Football Football

Blatter answers graft charges before judges

Shares
FIFA president Sepp Blatter is photographed while banknotes thrown by British comedian Simon Brodkin hurtle through the air during a press conference following the extraordinary FIFA Executive Committee at the headquarters in Zurich, Switzerland, Monday, July 20, 2015. PHOTO/AFP

FIFA president Sepp Blatter is photographed while banknotes thrown by British comedian Simon Brodkin hurtle through the air during a press conference following the extraordinary FIFA Executive Committee at the headquarters in Zurich, Switzerland, Monday, July 20, 2015. PHOTO/AFP

ZURICH, December 17 – Suspended FIFA president Sepp Blatter appeared before the world body’s ethics judges Thursday to answer corruption allegations as Switzerland announced it has frozen tens of millions of dollars in accounts linked to football bribes.

Blatter, who with vice president Michel Platini faces a long suspension, arrived at FIFA’s base in Zurich in a black Mercedes with his lawyer. He made no comment as he entered.

Before the hearing, Blatter, 79, wrote a letter to FIFA’s 209 members calling the FIFA ethics commission’s investigators “the inquisition”.

As the hearing went ahead, Russia’s President Vladimir Putin, whose country will host the 2018 World Cup, said Blatter should be a Nobel Peace laureate.

“That is someone who should be given the Nobel Peace Prize,” Putin said. “His contribution to the global humanitarian sphere is colossal.”

Blatter is under criminal investigation in Switzerland over a two million Swiss francs ($2 million/1.8 million euros) payment made to Platini in 2011 for work carried out about a decade earlier.

Platini’s case will be heard on Friday, but he has said he will boycott the tribunal. His lawyers will go however.

Platini has said the verdict has been decided in advance and his lawyers say FIFA’s ethics committee has recommended a life ban for the French football legend.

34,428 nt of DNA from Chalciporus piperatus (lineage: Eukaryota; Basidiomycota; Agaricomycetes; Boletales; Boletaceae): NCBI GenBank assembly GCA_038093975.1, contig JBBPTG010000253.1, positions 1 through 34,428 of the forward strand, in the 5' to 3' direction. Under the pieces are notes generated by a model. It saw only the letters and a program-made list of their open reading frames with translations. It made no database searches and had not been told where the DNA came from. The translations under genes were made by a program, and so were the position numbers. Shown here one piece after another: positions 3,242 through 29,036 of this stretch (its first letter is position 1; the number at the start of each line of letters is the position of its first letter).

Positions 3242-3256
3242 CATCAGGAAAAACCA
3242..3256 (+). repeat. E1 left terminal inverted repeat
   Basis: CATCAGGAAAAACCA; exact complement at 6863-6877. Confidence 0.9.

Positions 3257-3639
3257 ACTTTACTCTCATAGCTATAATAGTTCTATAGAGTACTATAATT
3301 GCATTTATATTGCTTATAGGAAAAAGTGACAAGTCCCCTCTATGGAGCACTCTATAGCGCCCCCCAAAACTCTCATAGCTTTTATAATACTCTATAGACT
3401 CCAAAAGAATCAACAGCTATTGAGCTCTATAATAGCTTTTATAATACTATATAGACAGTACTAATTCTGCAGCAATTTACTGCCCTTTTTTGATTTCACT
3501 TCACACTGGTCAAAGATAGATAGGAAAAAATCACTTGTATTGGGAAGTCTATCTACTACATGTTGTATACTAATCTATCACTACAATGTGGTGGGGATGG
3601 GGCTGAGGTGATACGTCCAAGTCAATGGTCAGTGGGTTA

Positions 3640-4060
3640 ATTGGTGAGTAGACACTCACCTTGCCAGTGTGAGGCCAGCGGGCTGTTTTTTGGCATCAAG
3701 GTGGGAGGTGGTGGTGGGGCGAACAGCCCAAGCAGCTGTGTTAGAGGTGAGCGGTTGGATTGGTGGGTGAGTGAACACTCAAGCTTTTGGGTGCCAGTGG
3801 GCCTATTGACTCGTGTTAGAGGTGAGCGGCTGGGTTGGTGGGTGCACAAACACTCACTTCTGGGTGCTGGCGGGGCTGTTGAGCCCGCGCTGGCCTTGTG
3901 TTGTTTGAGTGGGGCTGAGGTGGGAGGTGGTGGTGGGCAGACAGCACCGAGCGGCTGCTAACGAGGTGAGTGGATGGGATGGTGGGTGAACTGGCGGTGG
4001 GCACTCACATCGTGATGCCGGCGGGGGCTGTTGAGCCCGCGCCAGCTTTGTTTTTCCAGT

Blatter and Platini deny any misconduct.

– Decision next week -The ethics committee chamber is expected to announce its verdict next Monday. Appeals to a FIFA appeal committee and the Court of Arbitration for Sport are then possible.

FIFA has been plunged into several corruption scandals this year, which played a key role in Blatter’s announcement in June that he would stand down when a new election is held in February.

Platini was considered favourite to take over but his campaign has been frozen since he and Blatter were suspended in October over the payment which they insist was legal.

The United States asked Switzerland to freeze about 50 accounts in Swiss banks linked to its massive inquiry into football corruption, a federal prosecution spokesman told AFP.

Federal justice spokesman Folco Galli said “funds in the high tens of millions (Swiss francs) are blocked.”

The Tages Anzeiger newspapere said the figure was between 50 million and 100 million Swiss francs ($50-100 million/46-92 million euros). Galli declined to comment on the total.

The action involved about 50 accounts in 10 Swiss banks. Numerous FIFA members are known to have accounts in the country.

Nicolas Leoz, a longtime head of the South American confederation, CONMEBOL, had 12 accounts in Switzerland, the Swiss television programme Eco said, quoting details from the US request.

The United States has charged 39 individuals, including Leoz, and two companies over bribes of more than $200 million paid for football marketing and television rights deals.

Twelve have so far pleaded guilty.

Galli said that because of the scope of the US inquiry, the FIFA case is “one of the biggest cases of foreign help that we are dealing with.”

The UBS, Credit Suisse, Pictet, BSI and Julius Baer banks have all received requests for account details.

The federal justice office looks at each request case by case and if suspicious information is confirmed hands details to the United States.

But appeals are possible against the decisions and Tages Anzeiger said it could take years to get all the cases completed.

Germany has also asked Switzerland for judicial help over its inquiry into allegations that bribes were paid to secure the 2006 World Cup finals.

Shares

Comments